I was born and raised here in Austin. I grew up in the '60s and '70s. Austin was a much smaller town. You could get from South Austin to North Austin in less than 30 minutes. I-35 was almost empty at night, and we only had 5 p.m. traffic at 5 p.m.! — Frank Lopez

Mid-late '90s. It was still an unmined gem that was evident to residents but largely unknown to everyone else. You’d tell someone in Florida you were from Austin, and they’d assume you meant Houston. Travel from South to North Austin at any time of day took no more than 15 minutes. Zilker and Barton Springs were easily accessible and were true nature escapes. Reservations were rarely required to eat at the best restaurants ... and it felt like a walkable night on the town was possible for any age group. SXSW was a fun, accessible event, and nothing about this town was pretentious. Austin just felt easier then — like it was a town built just for us. — Sarah Thoorens

A view of downtown Austin looking south in 1990, taken from the top of the Capitol building. You can see skyscrapers along Congress Avenue down the center of the photo.
PICA-24888, Austin History Center, Austin Public Library
A view of downtown Austin looking south in 1990, taken from the top of the Capitol.

Early early aughts. Alamo Colorado was the OG nerd celebrity weird movie mecca. SXSW was still small enough to ignore, if you wanted, and super accessible if you partook. The Capitol was still the tallest building in town. … The city was still small enough that I broke up with a guy who lived on Braker because it might as well have been Dallas. — Rebecca Swaine

When things were cheap and artists thrived

Peak Austin for me was 1999-2006. I had plenty of friends, a co-op community to tap into and the city was famously affordable for artists and workers. We had lots of yard parties, live shows, good thrift and camaraderie. So many nights spent hanging out on the porch, talking and drinking cheap beer. I used to say that the unofficial Austin welcome package was a pack of Shiner, a doobie and an old couch for your front porch. — Kimberly Hill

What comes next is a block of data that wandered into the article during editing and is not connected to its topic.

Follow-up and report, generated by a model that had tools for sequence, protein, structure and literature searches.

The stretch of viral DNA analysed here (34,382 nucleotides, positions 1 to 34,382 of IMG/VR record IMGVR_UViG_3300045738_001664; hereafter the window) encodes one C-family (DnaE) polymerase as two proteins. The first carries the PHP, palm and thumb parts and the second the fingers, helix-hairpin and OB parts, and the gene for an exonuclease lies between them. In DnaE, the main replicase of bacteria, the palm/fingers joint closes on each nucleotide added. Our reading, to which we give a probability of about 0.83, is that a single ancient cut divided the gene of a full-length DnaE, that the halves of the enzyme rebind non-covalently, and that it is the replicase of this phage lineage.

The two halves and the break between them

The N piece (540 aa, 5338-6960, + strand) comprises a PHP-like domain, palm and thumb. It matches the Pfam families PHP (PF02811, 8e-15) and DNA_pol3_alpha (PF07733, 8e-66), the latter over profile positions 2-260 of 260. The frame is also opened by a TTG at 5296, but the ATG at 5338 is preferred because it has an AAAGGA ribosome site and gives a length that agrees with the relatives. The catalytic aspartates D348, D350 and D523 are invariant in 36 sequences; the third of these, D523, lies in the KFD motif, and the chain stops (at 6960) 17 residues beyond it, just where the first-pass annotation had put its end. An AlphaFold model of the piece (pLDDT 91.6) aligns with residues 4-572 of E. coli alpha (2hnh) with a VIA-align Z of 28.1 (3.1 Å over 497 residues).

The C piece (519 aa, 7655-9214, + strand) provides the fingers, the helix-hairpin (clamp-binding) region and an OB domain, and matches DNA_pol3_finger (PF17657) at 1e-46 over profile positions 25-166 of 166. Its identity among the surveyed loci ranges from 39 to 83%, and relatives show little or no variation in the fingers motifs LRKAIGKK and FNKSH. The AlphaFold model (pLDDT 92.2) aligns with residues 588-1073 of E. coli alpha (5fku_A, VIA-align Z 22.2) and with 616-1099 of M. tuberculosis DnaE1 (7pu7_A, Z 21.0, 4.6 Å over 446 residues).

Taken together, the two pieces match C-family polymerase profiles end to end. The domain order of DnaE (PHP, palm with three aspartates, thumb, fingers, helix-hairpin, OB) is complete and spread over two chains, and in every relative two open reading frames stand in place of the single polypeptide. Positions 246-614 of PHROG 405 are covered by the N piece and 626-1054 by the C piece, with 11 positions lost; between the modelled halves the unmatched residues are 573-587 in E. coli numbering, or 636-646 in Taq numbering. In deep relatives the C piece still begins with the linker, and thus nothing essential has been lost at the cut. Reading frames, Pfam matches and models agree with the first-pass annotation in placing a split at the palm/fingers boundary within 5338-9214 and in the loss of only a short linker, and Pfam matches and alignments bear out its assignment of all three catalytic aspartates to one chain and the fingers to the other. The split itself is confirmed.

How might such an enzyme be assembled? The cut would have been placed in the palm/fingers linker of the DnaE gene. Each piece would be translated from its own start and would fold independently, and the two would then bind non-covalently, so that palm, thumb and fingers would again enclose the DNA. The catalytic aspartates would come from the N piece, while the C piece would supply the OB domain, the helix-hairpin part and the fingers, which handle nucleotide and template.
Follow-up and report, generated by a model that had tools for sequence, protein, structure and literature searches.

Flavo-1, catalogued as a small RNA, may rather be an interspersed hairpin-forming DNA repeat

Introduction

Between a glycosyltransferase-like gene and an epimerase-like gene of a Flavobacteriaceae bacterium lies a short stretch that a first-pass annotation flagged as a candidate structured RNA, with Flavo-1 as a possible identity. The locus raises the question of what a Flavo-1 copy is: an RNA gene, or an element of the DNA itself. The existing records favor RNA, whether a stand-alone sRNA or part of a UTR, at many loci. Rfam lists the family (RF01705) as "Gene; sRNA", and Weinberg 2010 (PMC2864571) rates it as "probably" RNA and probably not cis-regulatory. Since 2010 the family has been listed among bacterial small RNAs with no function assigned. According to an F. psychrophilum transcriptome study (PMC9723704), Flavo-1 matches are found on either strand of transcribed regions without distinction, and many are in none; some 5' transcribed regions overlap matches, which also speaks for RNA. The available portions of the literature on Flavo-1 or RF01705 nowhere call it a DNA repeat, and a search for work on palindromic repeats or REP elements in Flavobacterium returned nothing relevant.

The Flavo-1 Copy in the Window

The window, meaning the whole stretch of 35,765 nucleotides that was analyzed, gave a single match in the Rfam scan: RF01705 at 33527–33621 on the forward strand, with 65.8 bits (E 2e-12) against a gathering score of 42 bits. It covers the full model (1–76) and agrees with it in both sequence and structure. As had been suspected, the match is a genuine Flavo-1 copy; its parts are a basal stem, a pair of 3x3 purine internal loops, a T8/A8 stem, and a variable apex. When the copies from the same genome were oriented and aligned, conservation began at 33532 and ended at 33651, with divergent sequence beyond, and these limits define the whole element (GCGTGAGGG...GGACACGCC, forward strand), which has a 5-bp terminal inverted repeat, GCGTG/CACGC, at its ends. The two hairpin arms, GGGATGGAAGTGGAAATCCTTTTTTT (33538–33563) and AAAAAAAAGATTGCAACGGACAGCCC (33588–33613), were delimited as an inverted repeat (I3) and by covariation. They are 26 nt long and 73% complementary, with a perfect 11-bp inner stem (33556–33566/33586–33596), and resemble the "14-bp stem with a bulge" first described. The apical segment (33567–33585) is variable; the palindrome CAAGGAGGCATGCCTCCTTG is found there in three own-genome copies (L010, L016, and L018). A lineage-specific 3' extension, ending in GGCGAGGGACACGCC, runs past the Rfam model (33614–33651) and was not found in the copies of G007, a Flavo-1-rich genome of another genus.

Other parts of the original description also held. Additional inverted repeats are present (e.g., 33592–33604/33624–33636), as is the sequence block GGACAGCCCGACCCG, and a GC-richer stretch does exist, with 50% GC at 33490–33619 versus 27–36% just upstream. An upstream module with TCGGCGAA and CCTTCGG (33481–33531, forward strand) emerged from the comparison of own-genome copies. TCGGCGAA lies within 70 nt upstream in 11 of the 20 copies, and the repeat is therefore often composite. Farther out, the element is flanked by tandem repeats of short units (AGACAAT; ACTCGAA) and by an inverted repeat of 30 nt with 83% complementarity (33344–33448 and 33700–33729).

Two musicians holding a violin and guitar, respectively, and wearing wide-brimmed hats and traditional clothes perform at a park.
PICA-34156, Austin History Center, Austin Public Library
Musicians perform at a Diez y Seis celebration at Republic Square Park in 2002.

I'd say that, for many people, Austin's Golden Age was 1974 to 1985-ish. Friends living here at the time urged me to come, saying, "It's the highest quality of life in Texas and the lowest cost of living." They were right. … Rent was just 18% of my income. Jobs that paid just enough to live on were easy to come by. Creativity exploded when artists of all types could live inexpensively and have time to experiment, collaborate and explore. — Lucy Frost

I can’t pinpoint a specific time, but with the cost of the city increasing, we don’t even realize what we are missing. Austin was great and is great when creative people can succeed in the city. An easy example is Aaron Franklin, an aspiring musician that would have never made it in this city if he was outpriced from the start. Who else has the city pushed out before they had their opportunity to shine? We are pushing out all local business or making it harder for them to succeed, and it’s costing the city a lot of amazing places and people. — Wesley Wheeler

When Leslie was here

Ain’t been the same since Leslie lived behind the OG Bouldin Creek. — @colorfullandmessy on Instagram

Anytime after Leslie running for mayor in 2003 marks the end [of Old Austin] for me. — @msn1019 on Instagram

Austin died the day Leslie did. — @sonya_cote on Instagram

When Austinites were funny

When the dinosaurs passed through Austin, they exclaimed, “You should’ve seen it five years ago.” — @edespinoza on Instagram

When I moved to Austin in April of 2020 it was so chill. Hardly any traffic. In fact, really no cars around at all. No line at Franklin’s — I could walk right up and pick it up. My apartment at the Domain was perfect for me and my purebred goldendoodle. People used to mind their own business and keep their distance. Now? I can’t even get a coffee without waiting in line. Things are changing, man … — @b.nj.m.n on Instagram

I’ll just say, the year before I was born, it was perfect. — @itsneenzjeez on Instagram

Chelsey Zhu is the digital producer at KUT. Got a tip? You can email her at